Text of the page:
These surface treatments may include an outer treated surface on the one face of the fabric formed by the first layer of nonwoven fibers. This outer treated surface may comprise raised, napped fibers extending from the first layer and being of sufficient height and density to cover the rows of stitches on the one face of the fabric.

The fabric may also include an outer treated surface on the one face of the fabric formed by the first layer of nonwoven fibers which is formed by the rows of stitches comprising closely spaced-apart, parallel, exposed rows of chain stitch loop portions on the one face of the fabric and compressing the one face of the fabric along the rows to form corresponding depressed areas therealong. The portions of the face of the fabric between the rows of chain stitch loop portions are substantially uncompressed and define spaced, parallel, raised ribs so that a ribbed surface with exposed rows of chain stitch loop portions therebetween is provided on the one face of the fabric.

The surface treatments may include an outer treated surface on the other face of the fabric formed by the second layer of foam material. This outer treated surface may comprise upstanding, flocked fibers secured to the foam material and being of sufficient height and density to cover the rows of stitches on the other face of the fabric. Alternatively, this outer treated surface on the other face of the fabric formed by the second layer of foam material may comprise upstanding,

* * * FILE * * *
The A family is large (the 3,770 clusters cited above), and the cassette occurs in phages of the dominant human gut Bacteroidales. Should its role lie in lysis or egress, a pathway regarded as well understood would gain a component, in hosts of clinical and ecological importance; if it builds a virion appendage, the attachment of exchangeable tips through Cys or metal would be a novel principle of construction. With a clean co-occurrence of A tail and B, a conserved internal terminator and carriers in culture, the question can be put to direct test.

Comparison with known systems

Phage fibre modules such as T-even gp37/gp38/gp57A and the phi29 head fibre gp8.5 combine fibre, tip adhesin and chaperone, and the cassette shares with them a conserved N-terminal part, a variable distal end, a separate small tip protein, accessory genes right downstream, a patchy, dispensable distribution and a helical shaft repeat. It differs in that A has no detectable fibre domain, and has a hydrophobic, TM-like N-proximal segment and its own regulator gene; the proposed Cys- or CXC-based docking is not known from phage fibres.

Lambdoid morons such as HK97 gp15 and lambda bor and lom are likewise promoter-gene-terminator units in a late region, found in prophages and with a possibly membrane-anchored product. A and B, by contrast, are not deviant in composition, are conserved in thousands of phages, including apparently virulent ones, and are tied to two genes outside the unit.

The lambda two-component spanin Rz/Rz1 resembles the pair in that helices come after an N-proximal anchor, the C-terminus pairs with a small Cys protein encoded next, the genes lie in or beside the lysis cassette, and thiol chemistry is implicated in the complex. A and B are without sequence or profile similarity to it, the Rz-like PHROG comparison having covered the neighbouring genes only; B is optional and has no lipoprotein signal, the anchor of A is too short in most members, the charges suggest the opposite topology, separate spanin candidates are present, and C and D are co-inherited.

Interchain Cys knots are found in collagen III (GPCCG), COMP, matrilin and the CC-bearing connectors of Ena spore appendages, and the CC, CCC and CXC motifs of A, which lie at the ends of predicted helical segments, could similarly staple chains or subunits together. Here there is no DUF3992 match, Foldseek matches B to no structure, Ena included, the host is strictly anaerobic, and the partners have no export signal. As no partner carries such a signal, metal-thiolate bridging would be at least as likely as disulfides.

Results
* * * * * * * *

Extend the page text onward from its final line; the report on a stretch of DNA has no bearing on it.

flocked fibers secured to the foam material and being disposed in a patterned arrangement thereon.

Further, the above various outer treated surfaces on both faces of the fabric may be used alone or in different combinations, as will be more fully described below in connection with the various illustrations in the drawings.

It may be seen, from the above general description and from the more specific description to follow, that the stitched, nonwoven fabric of this invention utilizes the inherent features and advantages of a first layer of nonwoven fibers oriented in the widthwise direction of the fabric and forming one face of the fabric for providing textile fiber characteristics to the one face of the fabric and for providing strength and stability in the widthwise direction to the fabric. Moreover, the stitched fabric utilizes a second layer of compressible, resilient foam material which forms the other face of the fabric and provides improved hand, drapability, compressibility, resilience, washability, bulk and insulating qualities to the fabric and provides foam characteristics to the other face of the fabric. Ad ditionally, the stitched, nonwoven fabric utilizes the advantages of a stitch construction which stitch-bonds together the individual fibers of the first layer and stitch-bonds together the two layers of the fabric to each other for forming an integrated, multilayer fabric. These stitches are disposed in the lengthwise direction of the fabric for providing strength and stability to the fabric in the lengthwise direction.